Some people were born to be great, to be legends, and Derek Jeter is one of those people. Throughout his entire career, number 2 put the New York Yankees on his back, starring in some of the most iconic moments in MLB history.
Jeter always played with a combination of poise and elegance you don't always find in the diamond. He was a leader on and off the field, and his career was so legendary, that he even ended it with a walk-off hit.
And now, in the wake of his Hall of Fame enshrinement and ten years after his legendary 3,000th hit, current and former teammates opened up on that movie-like moment vs. the Tampa Bay Rays.
Teammates And Rivals Recall Derek Jeter's Iconic 3,000th Hit
(Transcript via the New York Post)
“My perspective is a little different because I knew Derek when he was 16. We met at the University of Miami-Michigan [baseball] game. So to see the entire arc, it’s really appreciating it at a level that I think most can’t appreciate it.
When I saw that home run, it’s so classic: The home run at home. The big fan [of Jeter] catches it. It was so symbolic for so many reasons. Not just the championships, but Dr. Jeter and Mrs. Jeter, the way they raised him. It was a special moment, more so than just the day. The respect [Jeter had], revered in the clubhouse and everyone in the organization. Great moment. I enjoyed it.”
“It’s one of those moments, you kind of know it’s going to happen and you don’t really know what it’s going to be like, what that moment or that experience is going to be like. [I felt] excitement for him. And knowing how much work goes into him being able to have the career that he had, putting up the numbers that he put up and obviously there were only a select few that have played this game that have accomplished that, 3,000.
Everybody on the team, I just remember being excited for Jete. And I also think it’s one of those things, I’ve never necessarily approached a milestone like that, but I’ve got to think it must be nice to get it out of the way and then move forward. What a special moment. I’ve had a lot of those that I’ve gotten to witness and be a part of over the last 13, 14 years and that definitely is right up there near the top.”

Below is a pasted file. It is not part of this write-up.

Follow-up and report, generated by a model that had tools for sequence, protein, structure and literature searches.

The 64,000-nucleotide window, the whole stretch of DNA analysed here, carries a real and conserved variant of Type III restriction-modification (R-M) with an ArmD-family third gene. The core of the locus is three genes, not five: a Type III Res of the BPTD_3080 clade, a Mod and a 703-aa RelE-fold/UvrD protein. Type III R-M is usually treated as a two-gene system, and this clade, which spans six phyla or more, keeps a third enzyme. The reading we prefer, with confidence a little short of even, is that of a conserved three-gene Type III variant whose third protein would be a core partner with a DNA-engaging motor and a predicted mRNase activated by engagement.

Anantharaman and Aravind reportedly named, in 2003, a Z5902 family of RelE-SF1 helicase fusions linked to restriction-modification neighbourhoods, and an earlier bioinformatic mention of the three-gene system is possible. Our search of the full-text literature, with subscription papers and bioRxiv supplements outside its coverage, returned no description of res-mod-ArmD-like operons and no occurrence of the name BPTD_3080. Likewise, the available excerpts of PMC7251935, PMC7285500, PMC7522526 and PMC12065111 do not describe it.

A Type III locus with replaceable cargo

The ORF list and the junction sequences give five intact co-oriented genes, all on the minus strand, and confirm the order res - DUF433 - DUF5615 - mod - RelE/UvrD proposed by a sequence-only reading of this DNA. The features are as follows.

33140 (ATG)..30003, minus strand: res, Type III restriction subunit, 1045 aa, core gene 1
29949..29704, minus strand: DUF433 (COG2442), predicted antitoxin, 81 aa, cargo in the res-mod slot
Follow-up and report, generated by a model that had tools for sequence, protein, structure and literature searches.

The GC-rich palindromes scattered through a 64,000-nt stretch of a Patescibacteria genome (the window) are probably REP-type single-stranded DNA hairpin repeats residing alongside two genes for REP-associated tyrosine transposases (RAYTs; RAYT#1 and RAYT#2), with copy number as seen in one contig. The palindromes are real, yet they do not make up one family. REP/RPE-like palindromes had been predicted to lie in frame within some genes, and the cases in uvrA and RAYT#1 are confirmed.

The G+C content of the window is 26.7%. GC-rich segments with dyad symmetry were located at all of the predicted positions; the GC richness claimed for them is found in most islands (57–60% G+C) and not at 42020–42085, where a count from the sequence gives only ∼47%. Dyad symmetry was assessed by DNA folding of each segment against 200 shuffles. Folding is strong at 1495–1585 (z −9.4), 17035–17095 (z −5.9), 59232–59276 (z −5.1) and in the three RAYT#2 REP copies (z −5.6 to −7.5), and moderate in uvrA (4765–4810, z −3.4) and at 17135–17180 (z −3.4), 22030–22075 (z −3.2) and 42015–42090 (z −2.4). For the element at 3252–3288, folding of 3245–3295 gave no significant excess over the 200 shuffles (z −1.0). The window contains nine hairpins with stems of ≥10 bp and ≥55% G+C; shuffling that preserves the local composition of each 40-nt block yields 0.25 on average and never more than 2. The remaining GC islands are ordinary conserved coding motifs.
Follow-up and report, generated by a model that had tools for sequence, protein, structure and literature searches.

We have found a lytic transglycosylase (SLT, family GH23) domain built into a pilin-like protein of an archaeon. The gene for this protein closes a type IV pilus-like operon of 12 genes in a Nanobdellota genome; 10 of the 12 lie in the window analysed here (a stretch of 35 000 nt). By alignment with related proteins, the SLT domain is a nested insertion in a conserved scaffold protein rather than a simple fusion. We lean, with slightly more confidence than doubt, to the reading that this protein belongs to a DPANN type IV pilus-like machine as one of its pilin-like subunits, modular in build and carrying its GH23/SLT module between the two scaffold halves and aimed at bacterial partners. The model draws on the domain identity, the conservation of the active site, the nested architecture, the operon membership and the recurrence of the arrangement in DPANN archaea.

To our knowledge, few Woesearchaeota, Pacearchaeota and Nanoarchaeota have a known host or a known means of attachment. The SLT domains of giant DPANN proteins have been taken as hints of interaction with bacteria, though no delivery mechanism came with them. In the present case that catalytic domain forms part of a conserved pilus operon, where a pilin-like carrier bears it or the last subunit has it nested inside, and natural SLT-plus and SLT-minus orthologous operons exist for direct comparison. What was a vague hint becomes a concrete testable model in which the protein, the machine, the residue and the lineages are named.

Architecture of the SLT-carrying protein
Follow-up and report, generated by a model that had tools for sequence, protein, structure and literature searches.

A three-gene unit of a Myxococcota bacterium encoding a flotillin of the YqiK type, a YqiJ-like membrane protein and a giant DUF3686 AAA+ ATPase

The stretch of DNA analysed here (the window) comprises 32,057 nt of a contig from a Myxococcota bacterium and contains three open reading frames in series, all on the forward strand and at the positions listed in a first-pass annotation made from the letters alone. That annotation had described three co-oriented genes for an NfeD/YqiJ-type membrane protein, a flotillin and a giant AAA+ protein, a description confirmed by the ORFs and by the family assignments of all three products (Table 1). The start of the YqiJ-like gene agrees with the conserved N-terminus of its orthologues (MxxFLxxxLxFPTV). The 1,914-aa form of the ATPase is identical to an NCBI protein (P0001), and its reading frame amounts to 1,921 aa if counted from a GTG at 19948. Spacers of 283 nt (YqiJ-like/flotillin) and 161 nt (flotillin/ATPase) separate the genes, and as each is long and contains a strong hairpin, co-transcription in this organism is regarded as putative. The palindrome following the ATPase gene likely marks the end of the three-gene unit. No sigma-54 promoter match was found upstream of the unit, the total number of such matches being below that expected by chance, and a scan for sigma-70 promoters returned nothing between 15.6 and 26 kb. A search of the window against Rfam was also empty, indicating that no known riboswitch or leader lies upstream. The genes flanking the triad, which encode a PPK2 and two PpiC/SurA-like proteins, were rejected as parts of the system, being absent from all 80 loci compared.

“At first base, I’m thinking, ‘If he hits a single or something, I’ll go ahead and shake his hand, say congrats and get out of the way, let him do his thing with his teammates'. He hits a ball in the seats. I thought, ‘All right, I’ll tip my cap, salute him.’ By the time he hits the ball and he’s taking the turn, you’ve got three seconds, four seconds. That was pretty cool. I went ahead and tipped my cap.
It’s pretty cool. He’s had a whole list of [highlights]. It doesn’t shock anybody that’s how that one went.”
The Rays pitcher served up Jeter’s third-inning homer to left field and, knowing it was gone, knelt quickly on the mound before springing up, a picture of frustration and energy.
“It was the only time in my life that I have ever done that. I can still see it. I can still my reaction. I can see [Rays catcher John] Jaso behind home plate. I can still see it very vividly.”
"The [second] game of our series got rained out. That was Jeremy Hellickson’s day. He was supposed to pitch, I’m pretty sure. Then I remember [Rays pitching coach Jim] Hickey coming in and he was like, ‘Hey, you’re still pitching tomorrow,’ and Hellickson was next to me and he was like, ‘Yes!’ I was like, oh my gosh. I just know what’s going to happen.
(...) He was one of my favorite players growing up. At the time, if any player in baseball was going to hit their 3,000th hit and do it off of me, I would’ve wanted it to be Derek Jeter.”
Jeter will always be one of the most respected and beloved characters not only around Major League Baseball but in all major sports. Finally, he'll stay forever where he belongs since day one: in the Hall of Fame.
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